This first screen pairing of Karloff and Lugosi is one of the most liberal (i.e. extremely loose) interpretations of a Poe story ever committed to celluloid; a baroque and, for the time, surprisingly shocking film that features a familiar B movie premise (not dissimilar from the one we saw yesterday in The Rocky Horror Picture Show) that plays out as an epic, grand guignol melodrama, thanks to its use of familiar classical music (featuring Bach, Beethoven and Tchaikovsky, among others), striking cinematography and production design that combines expressionistic lighting and art deco sets (you could even call it "Dark Deco", to borrow a term used by the makers of Batman: The Animated Series to describe their show's aesthetic), and a pull-no-punches, wonderfully bonkers revenge narrative, made seemingly plausible thanks to the sheer dramatic fervour lent to the proceedings by both horror legends.
Mystery writer Peter Alison (David Manners) and his new wife Joan (Jacqueline Wells) are honeymooning in Hungary. Aboard the train one night they end up sharing their compartment with psychiatrist Dr Vitus Werdegast (Lugosi), who is on his way to visit his old friend Hjalmar Poelzig (Karloff). Later, the bus that these newly acquainted travelling companions share crashes, injuring Joan and forcing the newlyweds to follow Werdegast to Poelzig's home. It soon turns out that the two old friends are anything but, and that Peter and Joan have stepped, somewhat reluctantly, into the middle of a generation long vendetta involving war crimes, implied necrophilia, Satanism, and a game of chess that is being played for their very lives.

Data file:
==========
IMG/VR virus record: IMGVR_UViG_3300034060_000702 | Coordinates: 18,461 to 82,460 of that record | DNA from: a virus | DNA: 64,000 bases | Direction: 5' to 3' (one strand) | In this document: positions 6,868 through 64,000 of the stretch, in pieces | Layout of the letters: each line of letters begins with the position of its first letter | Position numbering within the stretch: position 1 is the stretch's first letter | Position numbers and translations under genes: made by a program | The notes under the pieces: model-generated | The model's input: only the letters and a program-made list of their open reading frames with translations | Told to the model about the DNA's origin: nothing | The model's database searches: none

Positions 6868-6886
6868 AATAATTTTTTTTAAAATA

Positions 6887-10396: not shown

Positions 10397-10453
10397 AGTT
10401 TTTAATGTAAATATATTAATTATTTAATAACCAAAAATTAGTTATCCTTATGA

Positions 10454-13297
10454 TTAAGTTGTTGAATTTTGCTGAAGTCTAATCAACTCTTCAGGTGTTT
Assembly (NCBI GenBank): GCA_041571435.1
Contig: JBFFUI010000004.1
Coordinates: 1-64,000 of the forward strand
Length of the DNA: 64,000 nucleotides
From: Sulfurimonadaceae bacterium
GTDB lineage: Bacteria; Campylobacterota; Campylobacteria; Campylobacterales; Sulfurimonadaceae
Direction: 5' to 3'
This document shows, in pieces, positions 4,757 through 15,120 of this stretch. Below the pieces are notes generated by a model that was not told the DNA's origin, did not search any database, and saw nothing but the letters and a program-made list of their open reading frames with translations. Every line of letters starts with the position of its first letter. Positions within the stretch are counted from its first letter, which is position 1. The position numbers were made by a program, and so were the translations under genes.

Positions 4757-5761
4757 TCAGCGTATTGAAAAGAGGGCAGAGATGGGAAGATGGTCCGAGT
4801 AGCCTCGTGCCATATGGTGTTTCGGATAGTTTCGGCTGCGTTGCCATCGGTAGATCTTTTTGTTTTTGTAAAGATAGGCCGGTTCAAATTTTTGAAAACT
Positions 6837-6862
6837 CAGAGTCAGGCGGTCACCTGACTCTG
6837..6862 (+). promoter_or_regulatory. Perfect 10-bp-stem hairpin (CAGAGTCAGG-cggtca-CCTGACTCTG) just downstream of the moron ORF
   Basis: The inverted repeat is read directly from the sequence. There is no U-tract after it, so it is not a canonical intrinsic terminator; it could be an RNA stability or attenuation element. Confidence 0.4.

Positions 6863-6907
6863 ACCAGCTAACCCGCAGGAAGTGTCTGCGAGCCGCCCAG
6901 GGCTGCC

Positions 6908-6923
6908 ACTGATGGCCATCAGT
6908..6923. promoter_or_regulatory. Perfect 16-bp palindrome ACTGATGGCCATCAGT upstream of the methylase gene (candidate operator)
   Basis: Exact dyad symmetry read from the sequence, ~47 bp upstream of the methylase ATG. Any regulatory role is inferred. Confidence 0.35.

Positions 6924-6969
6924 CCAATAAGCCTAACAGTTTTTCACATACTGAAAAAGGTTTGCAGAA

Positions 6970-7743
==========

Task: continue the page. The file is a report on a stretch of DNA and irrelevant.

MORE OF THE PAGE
The story is, as both the set-up detailed above suggests, and by the filmmakers' own admittance, only related to the Poe story in the most tenuous sense; a black cat shows up a few times, but that's about it. However, certain themes and tropes familiar to that original Master of the Macabre (e.g. revenge and dead wives) are certainly present. The screenplay, written by Peter Ruric (a pseudonym of pulp author Paul Cain) contains some great dialogue, giving Karloff and Lugosi a few dramatically potent, memorable mini-monologues; and for good measure, there's also a side order of occasional witty banter, such as when Peter Alison, describing Herr Poelzig's architectural prowess, says: "If I wanted to build a nice, cosy, unpretentious insane asylum, he'd be the man for it."
Aside from being both undeniably entertaining and eye-entrancingly stylish, the film also functions somewhat poignantly on a sub-textual level, due to its scattered allusions to the horrors of the Great War. Also, like many genre films of the period, it has a lean, fat-free running time of a little over an hour; which feels extremely welcome and refreshing to me these days, thanks to the seeming proliferation of baggy, bloated monstrosities that often haunt the modern multiplex.